PREPARING YOUR HOUSE FOR A BUYER'S MARKET
- Buyer’s market demands extra care from sellers
Things have changed in the past year. In 2005 buyers and their real estate agents groaned at the discovery of each defect. They seemed to have an attitude of being resigned to accepting responsibility for fixing problems. This year buyers and their agents seem almost excited by each new defect discovered. They feel certain that they will get concessions from sellers, and each defect is grounds for further reductions.
Last year, real estate agents would hustle to find a back up property to show when inspections revealed more problems than the buyers were willing to deal with. There was a feeling of anxiety at finding another comparable property. Now agents have ready back ups. When new defects are discovered, buyers and agents remain relaxed while discussing the potential of other properties they are considering.
There is no doubt that it is a buyer’s market. There are plenty of houses on the market to choose from and many more coming onto the market through foreclosure. Buyer’s can afford to be picky. Houses sell in all markets. Right now sellers need to try harder to have their property picked over all the others.
Home prices have been inflated in recent years in the hot markets by speculators who have taken large profits from imaginary equity. They have squeezed all the profit possible through hype and greed. The bubble in these markets appear to be bursting and dragging down the rest of the country’s home values.
Readjustments of the market happen when perceived value gets too far from real value. Markets where homes are valued too low will rise, sometimes very quickly. Markets where homes are over valued will at times decline.
Denver area home prices have not been as over inflated as many parts of the country. Investors from California, Texas, Maryland and Virginia have hired me to inspect bargain properties here. Investors from the cooling markets are finding Colorado a safer market to invest in now. They are counting on sharp equity increases as the home prices here rise when the inventory of houses falls. They area also counting on price decreases to be relatively small and the price rebound to be relatively quick as the area gains in new jobs with new families looking for homes. As jobs rise the inventory of houses will fall and prices will rise.
A year ago, the majority of houses I inspected were occupied. This year I inspect over 10 vacant houses for each one that’s occupied. Many of the properties are bank owned. With the exception of out of state investors, my clients have been looking at properties with few defects.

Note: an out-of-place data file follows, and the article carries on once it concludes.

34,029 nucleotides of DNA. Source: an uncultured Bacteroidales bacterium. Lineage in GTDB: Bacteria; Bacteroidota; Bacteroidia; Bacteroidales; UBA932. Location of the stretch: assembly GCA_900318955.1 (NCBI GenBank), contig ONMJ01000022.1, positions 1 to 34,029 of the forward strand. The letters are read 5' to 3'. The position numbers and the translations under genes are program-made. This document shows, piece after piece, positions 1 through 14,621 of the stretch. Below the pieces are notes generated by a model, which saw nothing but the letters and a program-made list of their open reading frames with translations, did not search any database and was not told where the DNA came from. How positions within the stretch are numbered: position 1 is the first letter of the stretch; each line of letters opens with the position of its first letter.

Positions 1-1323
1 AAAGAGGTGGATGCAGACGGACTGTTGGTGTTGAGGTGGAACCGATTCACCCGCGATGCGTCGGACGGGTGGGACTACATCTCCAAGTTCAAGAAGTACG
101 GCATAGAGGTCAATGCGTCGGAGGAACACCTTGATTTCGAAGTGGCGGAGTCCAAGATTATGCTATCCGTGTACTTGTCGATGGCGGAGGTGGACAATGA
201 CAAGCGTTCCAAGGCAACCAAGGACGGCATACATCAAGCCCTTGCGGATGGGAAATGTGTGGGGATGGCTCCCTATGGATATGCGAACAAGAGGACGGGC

Regular home buyers are looking at the best properties and seem to have many to chose from. Sellers need to take more care to receive top sales price. I recently inspected a home without a single defect, with the exception of an abandoned wasp nest in the second story eve. This was my only inspection this year where the buyers were gleefully offering full price. The house was occupied, but extremely clean, with fresh paint and carpets. All the details were attended to.
One of the biggest concerns this year is mold. If there is even a hint of mold, or condition that can create mold, buyers run away. Mold is a complex subject that has received a lot of misinformation from the media that has caused some hysteria. For the homeowner, mold can be simple. If there is no source of moisture for mold, it can’t survive. The same is true for insects and rodents.
The most destructive force I see in houses in the Denver area is water that is allowed to damage foundations and structure components. This is also the most common source of moisture to grow mold. Our dry climate makes it harder for mold to grow. Our dry climate also leaves many homeowners ignorant of precautions that are taken in climates where the same conditions would destroy a house in a few years instead of a few decades here.
One of the most important things for sellers now is to stop all water intrusion, or uncontrolled water inside. In most cases, this is easy. Gutters and downspouts must work properly. Their function is to collect all the water that collects on your roof from rain or snow and move it a safe distance from your house.
Runoff from an average roof can be hundreds of gallons in a short period of time. If this water is allowed to run behind, or over the gutters, it will eventually penetrate the interior walls. If that saturation lasts for 48 hours, mold will likely begin to grow. Drying inside walls can require tearing out the walls. The easy fix here, excluding design problems or builders mistakes, is make certain all the water from your roof goes into the gutters and runs down to secure downspouts. If your gutter system is not properly designed or installed, or your roof has been improperly installed, the fix may be complex. If the system has no inherent problems, it takes only regular cleaning and maintenance.